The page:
Porsche Success to Boost Vw Profitability

by : Anthony Fontanelle



Porsche AG's 911, a $72,400 sports car, helped make the carmaker the world's most profitable in 2006, says a Bloomberg report. Meanwhile, CEO Wendelin Wiedeking says earnings will grow even more thanks to models such as Volkswagen AG's Golf, a $15,000 hatchback.

A significant number of critics mocked the decision of the German sports car manufacturer to acquire a stake in Volkswagen a couple of years ago. Now, they are silenced by the clear showing of VW's quintessence in the manufacturer's auto industry existence. Their analysis could have been clouded by a . But, at present, it is high time for them to realize the salient point behind the acquisition.

Wiedeking, 54, said in an interview that the company may extend the luxury car's share-price gains by raising the stake and using Porsche's influence to transform Europe's biggest carmaker. Analysts and investors added Porsche's experience in lean production will boost Volkswagen's profitability, while the companies will save by sharing development costs.

At present, profit of the German Volkswagen, now 31 percent owned by Porsche, is creeping up since its tie-up with the Stuttgart-based automaker. Additionally, the partnership has helped Porsche's shares more than double.

"Porsche knows how to take care of itself and stands to gain significantly from its ownership in Volkswagen," said Peter Braendle, who helps manage about 63 billion Swiss francs or $52 billion in assets at Swisscanto Asset Management in Zurich, including shares in both car companies.

According to Adam Jonas, an analyst at Morgan Stanley in London, Porsche's profit may grow to more than 3 billion euros or $4.1 billion in five years from 1.39 billion euros in the 12 months ended July 2006. Jonas expects the company's shares to reach 1,650 euros within a year, compared with Thursday's closing price of 1,330 euros.

Juergen Meyer, who helps manage about 1.3 billion euros of assets at SEB Asset Management in Frankfurt, including Volkswagen and Porsche shares, noted that the collaboration between Porsche and Volkswagen is extremely vital to Porsche.

Bloomberg recently surveyed 36 analysts to know if they are in favor or against the holding of Volkswagen's shares. Of 36 analysts surveyed, 17 including Kohlhoff recommend selling the shares. Furthermore, 13 rate the shares "hold'' and six rate them "buy.''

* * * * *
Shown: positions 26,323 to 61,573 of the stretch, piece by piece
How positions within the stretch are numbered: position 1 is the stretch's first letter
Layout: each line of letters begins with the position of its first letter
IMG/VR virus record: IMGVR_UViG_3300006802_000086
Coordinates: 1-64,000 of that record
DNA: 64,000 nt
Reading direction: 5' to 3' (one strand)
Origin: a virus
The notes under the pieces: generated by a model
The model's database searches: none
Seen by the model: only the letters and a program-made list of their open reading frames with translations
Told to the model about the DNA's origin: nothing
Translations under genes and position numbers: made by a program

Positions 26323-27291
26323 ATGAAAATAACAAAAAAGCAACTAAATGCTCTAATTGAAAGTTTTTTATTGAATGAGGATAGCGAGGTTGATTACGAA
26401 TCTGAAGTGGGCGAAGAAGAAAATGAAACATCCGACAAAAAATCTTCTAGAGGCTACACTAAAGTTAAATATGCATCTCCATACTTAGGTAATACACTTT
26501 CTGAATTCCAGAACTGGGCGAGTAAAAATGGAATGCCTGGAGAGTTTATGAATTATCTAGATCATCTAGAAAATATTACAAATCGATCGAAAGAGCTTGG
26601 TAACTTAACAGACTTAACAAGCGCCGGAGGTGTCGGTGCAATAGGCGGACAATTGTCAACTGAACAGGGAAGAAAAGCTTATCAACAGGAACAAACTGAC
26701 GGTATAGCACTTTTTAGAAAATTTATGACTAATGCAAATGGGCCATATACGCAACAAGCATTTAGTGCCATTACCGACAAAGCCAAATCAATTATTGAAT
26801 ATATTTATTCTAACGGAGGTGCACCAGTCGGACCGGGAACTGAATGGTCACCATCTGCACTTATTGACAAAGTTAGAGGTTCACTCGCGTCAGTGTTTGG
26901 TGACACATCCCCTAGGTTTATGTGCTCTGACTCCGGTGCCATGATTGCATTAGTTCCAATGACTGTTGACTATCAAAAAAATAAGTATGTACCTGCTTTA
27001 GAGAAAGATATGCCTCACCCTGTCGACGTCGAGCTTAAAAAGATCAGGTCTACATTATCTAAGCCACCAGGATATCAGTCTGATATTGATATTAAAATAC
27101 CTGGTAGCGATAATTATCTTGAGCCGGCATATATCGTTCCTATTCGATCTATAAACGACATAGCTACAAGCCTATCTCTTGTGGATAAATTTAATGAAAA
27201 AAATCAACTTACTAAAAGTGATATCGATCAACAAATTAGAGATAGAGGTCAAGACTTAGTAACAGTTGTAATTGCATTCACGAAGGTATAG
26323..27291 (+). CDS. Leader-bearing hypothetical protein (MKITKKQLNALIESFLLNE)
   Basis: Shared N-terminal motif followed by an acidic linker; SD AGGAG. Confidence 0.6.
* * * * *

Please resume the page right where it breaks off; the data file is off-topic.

"The influence of Porsche management at VW could prove significant," said Avaneesh Acquilla, an analyst at UBS Ltd. in London. "Volkswagen is increasingly the dominant share-price driver'' for Porsche.

The tie-up has brought out the best of both companies. "Volkswagen has become leaner," said Andreas Dittmer, who helps manage about 3.5 billion euros in assets at Apo Asset Management in Cologne, Germany, including Volkswagen shares.

On the other hand, Porsche is entitled to almost a third of Volkswagen's dividend, which was 497 million euros in 2006. Porsche's profit will rise "significantly - and I mean significantly" this year because of Volkswagen, Wiedeking said on June 26.

This is the obvious reason why Porsche is tightening its grip on Volkswagen. The huge slice of savings could be attributed to the sharing of technology as well as production costs. According to Bloomberg, since 2002, Volkswagen has built the body of Porsche's Cayenne sport-utility vehicle, which shares a platform with the VW Touareg and the Audi Q7.

"Research and development is the biggest cash drain for car companies," said Thomas Aney, an analyst at Dresdner Kleinwort in Frankfurt. "Porsche is going to save a ton of money piggy-backing on Volkswagen." The companies are working on gasoline-electric versions of their SUVs, and Porsche may begin offering diesel engines in its vehicles, a technology Volkswagen specializes in, Aney noted.